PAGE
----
Bass is down in the courtyard while the battle wages. Curtis aims the rifle at Esau, but Bass begs him to stop. What Curtis gets instead is shot in the gut by Esau.

Just don’t die, please, Bass says over and over. But Curtis did die, and Bass is partly responsible.

Bass apologizes for taking Pistol away from his home but promises that everything will be OK if they’re good to each other.

Grayson County, Texas. July 1865

Bass arrives at the Reeves house. It looks empty. His home with Jennie is also empty.

Mistress Rachel finds him there. She welcomes him home. George never thought he’d return, but Rachel always knew he would. George fancies himself a legislator now as if that could reclaim what was taken from them. He wants to know where Jennie went.

Fort Smith, Arkansas

Fort Smith is a bustling place. It’s full of shops and people. Black children sit outside eating ice cream.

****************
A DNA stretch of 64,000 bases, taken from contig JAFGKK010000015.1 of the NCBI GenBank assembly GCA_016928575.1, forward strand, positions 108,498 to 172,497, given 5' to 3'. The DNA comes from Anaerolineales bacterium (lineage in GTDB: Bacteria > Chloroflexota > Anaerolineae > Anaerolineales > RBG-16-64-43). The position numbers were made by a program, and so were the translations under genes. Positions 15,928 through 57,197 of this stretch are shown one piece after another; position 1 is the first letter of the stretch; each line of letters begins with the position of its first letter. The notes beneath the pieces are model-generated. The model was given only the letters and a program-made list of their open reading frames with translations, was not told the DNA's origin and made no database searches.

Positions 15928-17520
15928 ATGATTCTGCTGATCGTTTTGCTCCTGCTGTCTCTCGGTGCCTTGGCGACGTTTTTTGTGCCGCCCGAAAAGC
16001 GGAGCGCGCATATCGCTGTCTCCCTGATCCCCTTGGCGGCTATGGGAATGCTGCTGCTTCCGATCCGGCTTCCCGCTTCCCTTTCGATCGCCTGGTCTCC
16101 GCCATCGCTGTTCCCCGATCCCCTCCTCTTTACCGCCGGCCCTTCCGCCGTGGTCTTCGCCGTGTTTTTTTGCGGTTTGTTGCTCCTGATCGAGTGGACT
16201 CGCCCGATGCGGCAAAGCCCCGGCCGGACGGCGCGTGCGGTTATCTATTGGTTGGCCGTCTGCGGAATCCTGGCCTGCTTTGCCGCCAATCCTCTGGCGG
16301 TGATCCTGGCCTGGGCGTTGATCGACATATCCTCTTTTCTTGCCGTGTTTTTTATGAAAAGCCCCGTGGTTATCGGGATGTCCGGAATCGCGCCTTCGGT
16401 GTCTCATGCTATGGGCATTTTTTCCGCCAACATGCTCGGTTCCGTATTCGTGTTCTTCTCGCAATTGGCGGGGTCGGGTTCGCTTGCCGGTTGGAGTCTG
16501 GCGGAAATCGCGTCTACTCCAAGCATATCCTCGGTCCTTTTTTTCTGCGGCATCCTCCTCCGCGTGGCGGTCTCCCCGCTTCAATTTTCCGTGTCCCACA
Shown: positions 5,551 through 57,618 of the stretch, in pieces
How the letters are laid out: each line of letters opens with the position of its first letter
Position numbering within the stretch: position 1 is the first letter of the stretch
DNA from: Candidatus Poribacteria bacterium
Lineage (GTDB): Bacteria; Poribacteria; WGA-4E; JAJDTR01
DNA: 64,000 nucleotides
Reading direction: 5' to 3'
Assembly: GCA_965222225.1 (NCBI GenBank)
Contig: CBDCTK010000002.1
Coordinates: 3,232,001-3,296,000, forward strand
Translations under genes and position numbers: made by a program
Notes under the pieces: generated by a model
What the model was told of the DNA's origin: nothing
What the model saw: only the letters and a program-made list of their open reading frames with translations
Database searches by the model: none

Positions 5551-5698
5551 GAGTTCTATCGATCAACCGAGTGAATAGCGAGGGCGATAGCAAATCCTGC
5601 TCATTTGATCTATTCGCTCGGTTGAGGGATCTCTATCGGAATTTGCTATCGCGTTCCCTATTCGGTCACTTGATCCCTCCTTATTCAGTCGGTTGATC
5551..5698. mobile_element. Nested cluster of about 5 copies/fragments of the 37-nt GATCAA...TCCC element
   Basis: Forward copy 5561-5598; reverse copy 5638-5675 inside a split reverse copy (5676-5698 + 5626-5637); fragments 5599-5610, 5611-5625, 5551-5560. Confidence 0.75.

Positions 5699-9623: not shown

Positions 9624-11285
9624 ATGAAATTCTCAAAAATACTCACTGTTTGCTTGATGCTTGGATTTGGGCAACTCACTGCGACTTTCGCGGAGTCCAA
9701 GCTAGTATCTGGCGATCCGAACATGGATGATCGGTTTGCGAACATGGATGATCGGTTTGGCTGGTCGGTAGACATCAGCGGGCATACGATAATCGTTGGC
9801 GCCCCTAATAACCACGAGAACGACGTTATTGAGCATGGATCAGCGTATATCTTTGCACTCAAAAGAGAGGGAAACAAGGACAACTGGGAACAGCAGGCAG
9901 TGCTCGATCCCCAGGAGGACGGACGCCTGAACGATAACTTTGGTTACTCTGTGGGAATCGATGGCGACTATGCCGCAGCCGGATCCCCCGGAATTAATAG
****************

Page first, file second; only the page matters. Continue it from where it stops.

Bass finds Jennie hanging laundry. She’s got a little girl with her, so Bass pulls back.

Later, she’s walking with the girl, and Bass approaches. I hope he treats you right, he says. She’s like, huh? She’s got no man but Bass Reeves. Say hello to your daughter.


Lawmen: Bass Reeves
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Lawmen: Bass Reeves Season 1 Episode 1 Quotes

George: It’s a damn confederacy of dunces, Bass. It’s not debatable, is it?
Bass: No, sir.
George: No, sir, indeed. Strike my tent, pack my gear. Pack the horses.

No garlands, no trumpets. Just us tonight. Such a sad homecoming.